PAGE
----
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Campus meeting leads to lifetime commitment

Louise (Roy) Plante (BA 1968) had one very important pre-requisite to fulfill during her time as a student at the University of Windsor—she couldn’t get married until she had a degree.

The busy honours French and Spanish student was on a full scholarship away from her home in Port Arthur, and her mother was determined that there would be no ring on her finger until there was a diploma in her hand.

“She turned out to be a very nice lady,” says Ray Plante of Louise’s mother, his eventual mother-in-law. “But she meant it.”

Ray was a geography and history student and a sea cadet officer, when he met Louise, who was involved in the Latin American dance club, the Spanish, French, Sociology and Glee Clubs and the Thomas More Society. He pursued her in the library when a boy Louise was studying with got up from the table.

The couple graduated in May 1968, and were married June 8, 1968.

They both recall having active social and academic lives while on campus, though with very different pursuits.

“Geography was my thing,” recalls Ray. “I worked as a student assistant with professor Winter doing water sample testing—and professor Vandal. We took a field trip to the caves of Kentucky with the geography club.”

He says the guidance of UWindsor stalwart George McMahon, who was a high school teacher at the time, put his career path on track.

“George was my teacher at Assumption High School in grade 10 and I wasn’t doing too well in science,” Ray recalls. “George said, ‘Well how about geography and history for university?’ so that’s what I did and believe it or not I became a high school geography and history teacher.”

Louise’s first memory of her time at UWindsor is a party she attended within a half-hour of disembarking from the Port Arthur to Windsor train.

“I was a few days later than most people arriving on campus because I was attending my graduation in Port Arthur,” she recalls. “I didn’t even have time to unpack my trunk—I was just given my room and went to the University Centre immediately.”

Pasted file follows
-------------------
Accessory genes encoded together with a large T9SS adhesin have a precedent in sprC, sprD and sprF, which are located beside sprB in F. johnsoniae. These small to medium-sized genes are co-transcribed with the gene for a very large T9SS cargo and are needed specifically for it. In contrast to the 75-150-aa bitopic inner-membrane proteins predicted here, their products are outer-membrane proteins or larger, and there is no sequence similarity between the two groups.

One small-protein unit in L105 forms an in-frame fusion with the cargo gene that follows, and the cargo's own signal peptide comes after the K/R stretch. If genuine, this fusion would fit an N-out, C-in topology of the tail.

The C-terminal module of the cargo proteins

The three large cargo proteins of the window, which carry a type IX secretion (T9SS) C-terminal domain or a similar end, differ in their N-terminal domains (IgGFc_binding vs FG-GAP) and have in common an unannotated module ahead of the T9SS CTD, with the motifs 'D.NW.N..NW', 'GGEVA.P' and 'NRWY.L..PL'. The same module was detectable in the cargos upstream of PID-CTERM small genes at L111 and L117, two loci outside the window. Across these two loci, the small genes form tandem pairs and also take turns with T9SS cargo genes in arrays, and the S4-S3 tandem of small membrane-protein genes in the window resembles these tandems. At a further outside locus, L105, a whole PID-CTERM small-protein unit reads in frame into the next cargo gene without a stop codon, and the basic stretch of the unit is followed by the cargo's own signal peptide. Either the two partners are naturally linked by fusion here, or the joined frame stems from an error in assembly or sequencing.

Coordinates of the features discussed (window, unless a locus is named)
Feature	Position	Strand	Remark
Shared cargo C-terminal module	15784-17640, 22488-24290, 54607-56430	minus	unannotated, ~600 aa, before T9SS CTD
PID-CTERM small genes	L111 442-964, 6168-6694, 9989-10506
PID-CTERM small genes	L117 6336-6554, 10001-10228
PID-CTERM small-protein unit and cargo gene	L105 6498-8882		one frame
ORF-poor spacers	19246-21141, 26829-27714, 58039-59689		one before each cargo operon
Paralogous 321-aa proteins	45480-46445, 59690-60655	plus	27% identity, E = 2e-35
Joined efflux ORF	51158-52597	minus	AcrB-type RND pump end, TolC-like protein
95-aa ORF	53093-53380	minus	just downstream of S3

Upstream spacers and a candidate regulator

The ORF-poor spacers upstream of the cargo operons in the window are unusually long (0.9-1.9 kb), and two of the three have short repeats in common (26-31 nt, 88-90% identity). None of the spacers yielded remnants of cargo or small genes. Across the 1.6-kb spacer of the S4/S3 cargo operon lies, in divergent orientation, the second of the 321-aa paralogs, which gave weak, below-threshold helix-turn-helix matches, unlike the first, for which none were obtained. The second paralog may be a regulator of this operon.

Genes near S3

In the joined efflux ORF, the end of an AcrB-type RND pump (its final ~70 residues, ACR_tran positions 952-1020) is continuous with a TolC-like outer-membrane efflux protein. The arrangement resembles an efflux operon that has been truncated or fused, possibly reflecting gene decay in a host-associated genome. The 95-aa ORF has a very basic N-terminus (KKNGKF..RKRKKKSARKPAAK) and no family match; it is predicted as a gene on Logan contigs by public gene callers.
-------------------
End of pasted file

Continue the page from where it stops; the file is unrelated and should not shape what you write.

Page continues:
Louise says the whole university experience was very good for her and that her goal of teaching school became a reality because of the support and education she received from faculty.

“We had Father Pazik—he was a Spanish teacher,” she says. “Everyone liked Father Pazik; he was a very modern priest and very entertaining. I remember that he was very approachable and would drink coffee with the students at the University Centre.”

Not surprisingly, being a young woman outnumbered by male students was also a perk of university life in the 1960s Louise says.

“I was living in the Electa residence and the ratio of girls to guys was very good. We had a curfew of course—during the week it was 10:30 and I think 11:00 on the weekend. We had Mrs. Kelly at the window. If we had our boyfriends in the lounge she would flick the lights at twenty-five after to let them know they had to leave. And they sure weren’t allowed beyond the lobby.”

Ray’s service as a sea cadet officer put him through school and gave him the opportunity to attend Expo in 1967 where he was employed training cadets to perform. The following year, Louise and Ray were married in Assumption University chapel.

Louise’s uncle came from California to marry the couple, who were surprised by a Sea Cadet officers’ honour guard which formed outside the chapel, accompanied by the Sea Cadet band.

“I didn’t expect the band—it was a complete surprise,” Ray recalls.

Louise and Ray left Windsor shortly afterward to pursue teaching careers in Oshawa—Ray retiring in 1998, followed by Louise in 2000.

Limbo dance

Louise Plante (indicated by red arrow) with members of the University’s Latin American dance club in this 1964 photo. Click on the image to see more.

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